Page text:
PEI

New Brunswick runner finishes first in P.E.I. Marathon

A New Brunswick runner placed first overall Sunday in the 16th annual Prince Edward Island Marathon.

Trevor Funk of Saint John won in 2:43:11

The P.E.I. Marathon is a Boston Marathon qualifier that draws people from across the country. (Sarah MacMillan/CBC)

A New Brunswick runner placed first overall Sunday in the 16th annual Prince Edward Island Marathon.

Trevor Funk of Saint John covered the 42.2-kilometre course in a personal-best time of two hours, 43 minutes and 11 seconds.

The race was Funk's 22nd marathon — he has been running them for about 15 years. Sunday's race was his first win. He was back on P.E.I. after completing the half marathon four years ago. 

"Things have definitely progressed dramatically in my running since that time. In the last two years I've been putting in a lot of kilometers and a lot of training. And to run a personal best now here at 45 was quite satisfying," Funk said. 

Fastest woman

Helga Reisch MacNeill of Kensington, P.E.I., was the first woman to cross the finish line. The 47-year-old finished in three hours, 12 minutes and 27 seconds.

Reisch MacNeill was excited about her win, which she said was "pretty unexpected." 

Helga Reisch MacNeill of Kensington was the first woman to cross the finish line. (Sarah MacMillan/CBC)

Reisch MacNeill has run a number of marathons over the years, including the P.E.I. marathon several times, and the Boston Marathon in 2014. She said she particularly enjoys the P.E.I. run, and said conditions were good. 

"It's a really pretty run. It's probably one of the prettiest marathons I've ever run, and I've done a few all over the place. And the weather was good, the wind was at our back for a good part of it, it's just, it was perfect today."

The race began in Brackley Beach at 8 a.m. and finished in downtown Charlottetown in front of Province House.

The event raises money for the Canadian Mental Health Association's P.E.I. chapter. It is a qualifier for the Boston Marathon.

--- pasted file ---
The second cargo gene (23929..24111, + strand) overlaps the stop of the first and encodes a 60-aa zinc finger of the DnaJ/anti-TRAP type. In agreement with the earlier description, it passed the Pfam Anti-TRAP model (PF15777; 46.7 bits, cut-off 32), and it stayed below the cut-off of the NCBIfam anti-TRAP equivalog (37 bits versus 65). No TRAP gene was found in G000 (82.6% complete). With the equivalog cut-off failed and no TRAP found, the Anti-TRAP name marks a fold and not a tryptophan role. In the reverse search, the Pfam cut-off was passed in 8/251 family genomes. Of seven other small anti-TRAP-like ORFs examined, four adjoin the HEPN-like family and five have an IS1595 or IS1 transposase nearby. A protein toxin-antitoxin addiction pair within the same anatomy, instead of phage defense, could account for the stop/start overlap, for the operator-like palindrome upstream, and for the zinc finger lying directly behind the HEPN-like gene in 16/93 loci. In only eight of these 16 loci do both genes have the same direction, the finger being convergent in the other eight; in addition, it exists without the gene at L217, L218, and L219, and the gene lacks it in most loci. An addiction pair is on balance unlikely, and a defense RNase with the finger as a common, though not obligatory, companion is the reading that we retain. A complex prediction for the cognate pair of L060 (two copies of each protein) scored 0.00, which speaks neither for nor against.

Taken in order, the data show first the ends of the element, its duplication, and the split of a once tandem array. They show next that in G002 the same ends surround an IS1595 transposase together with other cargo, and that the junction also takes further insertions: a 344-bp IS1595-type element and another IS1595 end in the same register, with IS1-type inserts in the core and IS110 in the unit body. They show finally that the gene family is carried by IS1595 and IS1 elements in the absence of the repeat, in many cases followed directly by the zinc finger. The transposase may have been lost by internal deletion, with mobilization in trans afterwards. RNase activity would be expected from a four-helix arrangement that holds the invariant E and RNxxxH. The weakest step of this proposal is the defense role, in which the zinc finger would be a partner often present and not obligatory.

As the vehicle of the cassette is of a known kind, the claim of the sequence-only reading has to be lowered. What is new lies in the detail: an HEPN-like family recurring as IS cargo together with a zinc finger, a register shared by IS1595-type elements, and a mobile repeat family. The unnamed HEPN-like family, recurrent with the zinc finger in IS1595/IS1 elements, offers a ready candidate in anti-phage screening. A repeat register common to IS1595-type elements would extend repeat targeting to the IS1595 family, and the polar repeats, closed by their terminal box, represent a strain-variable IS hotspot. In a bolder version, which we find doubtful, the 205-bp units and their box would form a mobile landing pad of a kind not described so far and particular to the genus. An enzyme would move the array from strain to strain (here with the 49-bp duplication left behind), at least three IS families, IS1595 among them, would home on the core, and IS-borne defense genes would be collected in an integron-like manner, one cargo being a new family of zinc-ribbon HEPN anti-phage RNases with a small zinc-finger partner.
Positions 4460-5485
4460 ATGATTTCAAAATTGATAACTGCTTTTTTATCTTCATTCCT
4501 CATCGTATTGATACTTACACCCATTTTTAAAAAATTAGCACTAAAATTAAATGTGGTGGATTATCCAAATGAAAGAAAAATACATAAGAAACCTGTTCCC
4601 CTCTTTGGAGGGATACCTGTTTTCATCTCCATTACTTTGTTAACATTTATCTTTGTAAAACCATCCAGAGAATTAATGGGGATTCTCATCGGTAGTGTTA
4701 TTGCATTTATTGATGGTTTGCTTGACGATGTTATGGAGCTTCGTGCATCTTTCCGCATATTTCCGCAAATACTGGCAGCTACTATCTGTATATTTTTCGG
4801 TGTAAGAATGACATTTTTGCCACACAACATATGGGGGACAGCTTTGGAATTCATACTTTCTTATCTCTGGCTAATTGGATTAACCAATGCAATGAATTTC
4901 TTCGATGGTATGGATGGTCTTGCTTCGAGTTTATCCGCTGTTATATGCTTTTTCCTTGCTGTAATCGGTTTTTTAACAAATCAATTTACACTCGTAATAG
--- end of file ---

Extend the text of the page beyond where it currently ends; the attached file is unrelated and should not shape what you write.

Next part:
'So happy'

As well as the full marathon, Sunday's event also included a half marathon, 10K, 5K, 2K wheelchair race and corporate relay.

Kylie Muio completed the half marathon, her first race in several years, after having children. 

She said she runs not just for the physical benefits, but also the mental health benefits. Her two sons, Owen and Elliot, were there cheering her on with a homemade sign. 

Kylie Muio, with her sons Owen Roberts, age 5, left, and Elliot Roberts, age 3. (Sarah MacMillan/CBC)

"It made me remember why I was doing it …​t​​​​​​he last couple kilometers were a struggle, and just seeing them and that sign just made me push through, and just be so happy that I completed my goal, and I could show them that it's possible."  

For fellow half-marathoner Erinn MacDougall, Sunday's race marked the culmination of a personal challenge she set for herself in 2019. 

MacDougall turned 30 this year, and set a goal for herself to run 30 races over the course of the year — ranging from 5K runs to half marathons. 

Erin MacDougall achieved her goal of running 30 races in the year she turned 30. (Sarah MacMillan/CBC)

"It was harder than I thought to get in every one, because it was almost every weekend possible that a race was going on I had to do it."

The P.E.I. event was race number 30 — which she completed in her home province. 

"I'm feeling great, I'm feeling so happy. I have had a smile on since the start and I finished with a smile and I'm so happy right now."

More P.E.I. news

With files from Sarah MacMillan and Tony Davis

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